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- Author or Editor: Xiaohui Zhou x
Gummy stem blight (GSB) caused by the ascomycete fungus Didymella bryoniae (Auersw.) Rehm is an important disease of melon. Molecular markers linked to resistance would be useful for melon breeding programs. The amplified fragment length polymorphism (AFLP) technique and bulk segregant analysis were used to identify molecular markers linked to the resistance of melon to Didymella bryoniae. Segregation analysis of F2 progeny from a cross of PI 420145, a resistant line, and PI 136170, a susceptible line, showed that resistance to GSB was controlled by a dominant gene. One AFLP marker, E-TG/M-CTC200, was identified that is tightly linked to GSB resistance gene at a distance of 2.0 cM. To our best knowledge, this is the first report of AFLP markers linked to GSB resistance in melon. The identification of AFLP markers provides a step toward the use of marker-assisted selection and the characterization of the gene encoding resistance to GSB in melon.
Gummy stem blight incited by the fungus Didymella bryoniae is a major disease of melons worldwide. The objectives of the present study were to critically evaluate melon (Cucumis melo L.) germplasm for resistance to D. bryoniae and to characterize the genetics of resistance in the resistant accessions. Two hundred sources of germplasm (plant introduction accessions, cultivars, breeding lines, landraces, and wild relatives) were screened against a single highly virulent isolate (IS25) of D. bryoniae in a plastic tunnel. The genetics of resistance to D. bryoniae was studied in three crosses between plant introductions 157076, 420145, and 323498, resistant parents that were fairly adapted (flowering, fruiting, powdery mildew tolerance) to Nanjing conditions, and plant introductions 268227, 136170, and NSL 30032 susceptible parents, respectively. Six populations of each cross (susceptible parent, resistant parent, F1, F2, the two reciprocal backcrosses) were analyzed for their responses to D. bryoniae. Seedlings in both studies were inoculated with a spore suspension (5 × 105 spores/mL−1) of D. bryoniae at the four to six true-leaf stages and assessed for leaf and stem damage at 7, 14, and 21 d postinoculation. Results of germplasm screening indicated most germplasms reported as resistant elsewhere were confirmed resistant under our conditions. However, some plant introductions identified as highly resistant elsewhere were susceptible under our conditions, the most interesting being plant introduction 482399. This plant introduction that was considered resistant was highly susceptible in our study. We also identified other sources of resistance not reported previously, for example, JF1; a wild Cucumis from the highlands of Kenya was rated highly resistant. Analysis of segregation of F1, F2, and backcross generations of the three crosses indicated that each of the three plant introductions carry a single dominant gene for resistance to the D. bryoniae.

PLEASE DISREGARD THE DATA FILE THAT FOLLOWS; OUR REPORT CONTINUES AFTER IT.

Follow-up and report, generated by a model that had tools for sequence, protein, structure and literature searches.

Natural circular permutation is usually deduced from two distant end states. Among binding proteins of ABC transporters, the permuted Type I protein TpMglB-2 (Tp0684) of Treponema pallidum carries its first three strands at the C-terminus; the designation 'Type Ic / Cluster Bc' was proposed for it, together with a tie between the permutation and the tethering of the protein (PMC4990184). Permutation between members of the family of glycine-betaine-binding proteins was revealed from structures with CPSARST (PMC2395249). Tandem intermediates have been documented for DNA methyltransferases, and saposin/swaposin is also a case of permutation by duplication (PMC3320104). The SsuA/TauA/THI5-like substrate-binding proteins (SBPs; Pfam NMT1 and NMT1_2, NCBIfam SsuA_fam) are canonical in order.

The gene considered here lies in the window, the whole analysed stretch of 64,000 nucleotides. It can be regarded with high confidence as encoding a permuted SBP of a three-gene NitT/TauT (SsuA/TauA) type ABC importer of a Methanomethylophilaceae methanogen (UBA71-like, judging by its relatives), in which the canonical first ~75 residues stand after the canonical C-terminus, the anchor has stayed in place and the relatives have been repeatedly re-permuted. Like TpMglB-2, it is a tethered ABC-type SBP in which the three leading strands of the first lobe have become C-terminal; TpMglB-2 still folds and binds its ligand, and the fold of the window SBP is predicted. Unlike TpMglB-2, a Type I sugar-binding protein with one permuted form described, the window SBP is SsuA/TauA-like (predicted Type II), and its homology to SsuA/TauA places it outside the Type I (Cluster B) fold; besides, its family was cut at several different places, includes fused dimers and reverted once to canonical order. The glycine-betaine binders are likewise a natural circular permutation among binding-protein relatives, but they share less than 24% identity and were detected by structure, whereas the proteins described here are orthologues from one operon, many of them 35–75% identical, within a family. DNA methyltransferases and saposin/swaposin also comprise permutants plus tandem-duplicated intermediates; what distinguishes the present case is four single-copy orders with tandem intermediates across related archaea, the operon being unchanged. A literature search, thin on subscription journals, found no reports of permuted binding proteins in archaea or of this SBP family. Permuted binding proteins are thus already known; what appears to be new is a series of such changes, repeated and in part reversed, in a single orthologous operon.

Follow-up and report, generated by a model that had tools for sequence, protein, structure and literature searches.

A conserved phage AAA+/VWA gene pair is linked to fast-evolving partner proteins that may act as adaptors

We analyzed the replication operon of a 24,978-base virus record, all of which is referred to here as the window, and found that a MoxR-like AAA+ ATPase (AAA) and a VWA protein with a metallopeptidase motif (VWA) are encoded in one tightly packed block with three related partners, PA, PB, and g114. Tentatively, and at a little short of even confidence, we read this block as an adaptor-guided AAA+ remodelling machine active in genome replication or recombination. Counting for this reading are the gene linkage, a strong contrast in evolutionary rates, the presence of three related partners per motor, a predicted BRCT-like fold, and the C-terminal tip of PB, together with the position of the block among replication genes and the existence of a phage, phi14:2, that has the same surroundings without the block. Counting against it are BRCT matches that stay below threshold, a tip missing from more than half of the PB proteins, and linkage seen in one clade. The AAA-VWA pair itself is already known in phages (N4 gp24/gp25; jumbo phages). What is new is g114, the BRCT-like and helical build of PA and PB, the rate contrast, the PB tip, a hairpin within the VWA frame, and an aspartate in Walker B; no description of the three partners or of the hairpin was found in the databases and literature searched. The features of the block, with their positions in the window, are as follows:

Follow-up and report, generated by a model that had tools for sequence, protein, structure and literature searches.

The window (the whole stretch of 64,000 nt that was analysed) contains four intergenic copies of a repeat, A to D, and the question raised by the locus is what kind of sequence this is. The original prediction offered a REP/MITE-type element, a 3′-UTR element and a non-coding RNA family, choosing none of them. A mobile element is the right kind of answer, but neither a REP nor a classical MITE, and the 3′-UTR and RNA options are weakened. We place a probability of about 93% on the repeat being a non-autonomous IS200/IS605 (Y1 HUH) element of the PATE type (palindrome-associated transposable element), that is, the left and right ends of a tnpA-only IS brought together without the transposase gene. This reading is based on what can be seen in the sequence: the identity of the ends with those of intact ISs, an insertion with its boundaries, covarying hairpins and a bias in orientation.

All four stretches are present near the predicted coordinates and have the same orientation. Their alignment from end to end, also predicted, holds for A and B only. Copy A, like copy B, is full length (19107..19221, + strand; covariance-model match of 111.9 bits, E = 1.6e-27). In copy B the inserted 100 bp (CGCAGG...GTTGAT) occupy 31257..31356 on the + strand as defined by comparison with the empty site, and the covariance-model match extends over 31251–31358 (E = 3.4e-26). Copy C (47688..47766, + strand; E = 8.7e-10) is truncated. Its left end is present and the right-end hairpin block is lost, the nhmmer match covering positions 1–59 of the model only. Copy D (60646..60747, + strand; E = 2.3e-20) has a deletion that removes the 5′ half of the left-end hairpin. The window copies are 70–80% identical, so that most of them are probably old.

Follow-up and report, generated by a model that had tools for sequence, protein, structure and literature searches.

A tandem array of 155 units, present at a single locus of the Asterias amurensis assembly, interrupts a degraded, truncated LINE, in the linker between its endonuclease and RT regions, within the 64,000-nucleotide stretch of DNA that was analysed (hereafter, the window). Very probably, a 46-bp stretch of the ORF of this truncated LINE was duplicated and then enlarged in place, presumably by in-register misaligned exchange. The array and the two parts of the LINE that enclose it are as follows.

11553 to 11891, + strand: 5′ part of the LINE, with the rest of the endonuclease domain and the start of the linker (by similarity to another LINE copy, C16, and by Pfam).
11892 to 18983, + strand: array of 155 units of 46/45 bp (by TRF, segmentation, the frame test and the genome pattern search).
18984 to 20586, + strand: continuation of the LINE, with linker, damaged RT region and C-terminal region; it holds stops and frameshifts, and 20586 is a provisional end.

We studied the effects of exogenous spermidine (Spd) on plant growth and nitrogen metabolism in two cultivars of tomato (Solanum lycopersicum) that have differential sensitivity to mixed salinity-alkalinity stress: ‘Jinpeng Chaoguan’ (salt-tolerant) and ‘Zhongza No. 9’ (salt-sensitive). Seedling growth of both tomato cultivars was inhibited by salinity-alkalinity stress, but Spd treatment alleviated the growth reduction to some extent, especially in ‘Zhongza No. 9’. Exogenous Spd may help reduce stress-induced increases in free amino acids, ammonium (NH4 +) contents, and NADH-dependent glutamate dehydrogenase (NADH-GDH) activities; depress stress-induced decreases in soluble protein and nitrate content; and depress nitrate reductase, nitrite reductase, glutamine synthetase (GS), NADH-dependent glutamate synthase (NADH-GOGAT), glutamate oxaloacetate transaminase (GOT), and glutamate pyruvate transaminase (GPT) activities, especially for ‘Zhongza No. 9’. Based on our results, we suggest that exogenous Spd promotes the assimilation of excess toxic NH4 + by coordinating and strengthening the synergistic action of NADH-GDH, GS/NADH-GOGAT, and transamination pathways, all during saline-alkaline stress. Subsequently, NH4 + and its related enzymes (GDH, GS, GOGAT, GOT, and GPT), in vivo, are maintained in a proper and balanced state to enable mitigation of stress-resulted damages. These results suggest that exogenous Spd treatment can relieve nitrogen metabolic disturbances caused by salinity-alkalinity stress and eventually promote plant growth.